The internal structures of the interrogator 32 are not shown in
The operation of the phase modulator 44A can be understood with respect to
The phase modulator 44C includes a processor 64, such as a general purpose microprocessor, having a first input/output (I/O) port 66 coupled to the memory by a plurality of individual bit lines 68 and a second I/O port 70. The phase modulator 44C also includes first, second, and third phase changers 72, 74, 76 having respective switches 78, 80, 82 and respective partial-wavelength stubs 84, 86, 88. The second I/O port 70 of the processor 64 is coupled to the first, second, and third switches 78, 80, 82 by first, second, and third bit lines 90, 92, 94, respectively. In one embodiment, the partial-wavelength stubs 84, 86, 88 are three-eighth-, quarter-, and eighth-wavelength stubs, respectively. The switches 78–82 are shown as MOS transistors, but numerous other known switches could be employed instead. The processor 64 is clocked by an oscillator 96 to provide for the timing of the operations to be discussed below.
Stored in the memory 62 is an information code, such as an identification code that identifies the RF tag 38C and/or an object to which the RF tag is attached. Alternatively, the information code could represent numerous other pieces of information, such as the environmental conditions surrounding the RF tag 38C, inventory information associated with the RF tag, or information that was previously written to the RF tag before or after the RF tag was placed into service. The memory 62 can be implemented with any type of memory, but preferably is non-volatile memory so that the information code is not lost when power is lost.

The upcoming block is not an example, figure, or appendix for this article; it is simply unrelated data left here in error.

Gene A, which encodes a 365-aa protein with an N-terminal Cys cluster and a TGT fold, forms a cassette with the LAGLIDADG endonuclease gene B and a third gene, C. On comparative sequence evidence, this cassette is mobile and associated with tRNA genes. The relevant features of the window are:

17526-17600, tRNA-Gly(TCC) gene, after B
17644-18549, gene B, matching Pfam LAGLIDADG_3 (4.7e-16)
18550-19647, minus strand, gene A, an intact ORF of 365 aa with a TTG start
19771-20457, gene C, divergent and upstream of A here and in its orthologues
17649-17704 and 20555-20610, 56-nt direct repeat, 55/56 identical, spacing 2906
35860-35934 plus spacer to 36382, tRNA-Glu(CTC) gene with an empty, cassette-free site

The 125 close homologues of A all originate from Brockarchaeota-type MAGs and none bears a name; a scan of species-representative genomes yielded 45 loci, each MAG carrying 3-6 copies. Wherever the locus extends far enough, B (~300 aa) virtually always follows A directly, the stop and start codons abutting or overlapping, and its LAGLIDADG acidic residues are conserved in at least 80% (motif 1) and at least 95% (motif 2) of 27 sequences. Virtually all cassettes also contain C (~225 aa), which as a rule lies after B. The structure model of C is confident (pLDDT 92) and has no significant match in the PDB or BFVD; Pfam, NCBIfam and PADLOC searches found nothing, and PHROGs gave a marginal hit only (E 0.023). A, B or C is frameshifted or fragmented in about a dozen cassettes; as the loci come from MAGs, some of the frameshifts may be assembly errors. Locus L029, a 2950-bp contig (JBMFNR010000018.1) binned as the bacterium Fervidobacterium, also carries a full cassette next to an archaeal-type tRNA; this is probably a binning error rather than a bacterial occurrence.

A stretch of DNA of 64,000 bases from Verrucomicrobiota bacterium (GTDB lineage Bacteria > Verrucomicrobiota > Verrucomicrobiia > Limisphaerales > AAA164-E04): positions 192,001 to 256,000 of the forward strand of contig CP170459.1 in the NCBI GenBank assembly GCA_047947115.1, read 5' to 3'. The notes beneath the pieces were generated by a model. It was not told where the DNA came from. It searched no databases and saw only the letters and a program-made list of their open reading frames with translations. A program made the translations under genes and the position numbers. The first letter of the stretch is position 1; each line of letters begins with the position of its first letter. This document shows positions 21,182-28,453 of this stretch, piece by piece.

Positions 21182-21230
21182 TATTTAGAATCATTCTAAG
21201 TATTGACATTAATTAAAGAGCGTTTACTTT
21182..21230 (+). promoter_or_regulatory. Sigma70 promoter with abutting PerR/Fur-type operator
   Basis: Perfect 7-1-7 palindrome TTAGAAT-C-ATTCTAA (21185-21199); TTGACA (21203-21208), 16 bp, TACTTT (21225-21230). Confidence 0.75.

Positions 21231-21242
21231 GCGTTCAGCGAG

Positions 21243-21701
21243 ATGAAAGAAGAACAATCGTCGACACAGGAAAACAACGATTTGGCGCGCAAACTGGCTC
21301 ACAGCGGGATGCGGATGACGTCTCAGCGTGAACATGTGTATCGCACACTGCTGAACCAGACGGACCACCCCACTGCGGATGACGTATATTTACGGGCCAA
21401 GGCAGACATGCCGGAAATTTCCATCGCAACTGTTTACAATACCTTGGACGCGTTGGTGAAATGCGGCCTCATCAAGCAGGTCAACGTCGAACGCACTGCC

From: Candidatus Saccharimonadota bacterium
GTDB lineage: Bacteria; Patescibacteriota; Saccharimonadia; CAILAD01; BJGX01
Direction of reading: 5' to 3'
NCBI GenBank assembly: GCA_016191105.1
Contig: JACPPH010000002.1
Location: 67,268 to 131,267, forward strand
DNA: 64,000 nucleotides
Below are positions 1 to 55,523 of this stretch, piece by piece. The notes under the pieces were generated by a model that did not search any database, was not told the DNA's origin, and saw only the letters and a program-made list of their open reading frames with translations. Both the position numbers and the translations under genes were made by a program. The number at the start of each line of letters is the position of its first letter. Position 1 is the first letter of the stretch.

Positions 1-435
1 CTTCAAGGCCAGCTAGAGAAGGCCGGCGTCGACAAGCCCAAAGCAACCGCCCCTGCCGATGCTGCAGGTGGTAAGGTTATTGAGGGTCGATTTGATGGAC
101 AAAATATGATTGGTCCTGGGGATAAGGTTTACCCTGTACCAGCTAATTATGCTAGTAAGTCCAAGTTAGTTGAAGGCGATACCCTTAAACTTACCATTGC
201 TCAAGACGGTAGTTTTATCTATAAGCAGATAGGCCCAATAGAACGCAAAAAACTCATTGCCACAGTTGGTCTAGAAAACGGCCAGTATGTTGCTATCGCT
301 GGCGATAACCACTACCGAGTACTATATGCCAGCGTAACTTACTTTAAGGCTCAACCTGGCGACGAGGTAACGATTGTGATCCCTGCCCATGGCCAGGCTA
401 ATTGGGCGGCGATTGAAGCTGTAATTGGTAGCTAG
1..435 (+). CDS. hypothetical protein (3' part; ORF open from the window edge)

In response to being activated by the interrogation signal 36, the processor 64 retrieves the information code from the memory 62. Based on the information code retrieved, the processor 64 modulates the interrogation signal 36 by alternately selecting one or none of the switches 78–82. If none of the switches 78–82 are selected, then a portion of the interrogation signal 36 is reflected with no change in phase. If the first switch 78 is selected, then the portion of the interrogation signal 36 is reflected with a ⅜-wavelength (135°) phase change; if the second switch 80 is selected, the phase change is ¼-wavelength (90°); and if the third switch 82 is selected, the phase change is ⅛-wavelength (45°). String together the different phase portions (including the no phase change portion) at a modulating frequency determined by the oscillator 96 produces a response signal 98 that is transmitted back to the interrogator.
One large advantage provided by the RF tag 38C shown in
It should be appreciated that the structure of the RF tag 38C of
In view of the foregoing, it will be appreciated that the RF tags discussed herein provide important advantages over prior art RF tags. In particular, phase modulating the interrogation signals produces a stronger response signals with higher signal to noise ratios than the amplitude-modulating prior art tags. In addition, phase modulation allows plural bits of information to be transmitted in the same signal space as the prior art tags. As a result, the RF tags of the present invention provide faster information exchange over much longer distances than the prior art tags.
Finally it will be clear that many modifications and variants may be introduced to the inventive embodiments described and illustrated herein, all of which come within the scope of the invention as defined in the accompanying claims.
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|U.S. Classification||340/10.1, 340/10.4, 340/10.5|
|International Classification||G06K19/07, H04Q5/22|
|Aug 12, 2008||CC||Certificate of correction|
|Jul 2, 2010||FPAY||Fee payment|
Year of fee payment: 4
|Jul 25, 2014||FPAY||Fee payment|
Year of fee payment: 8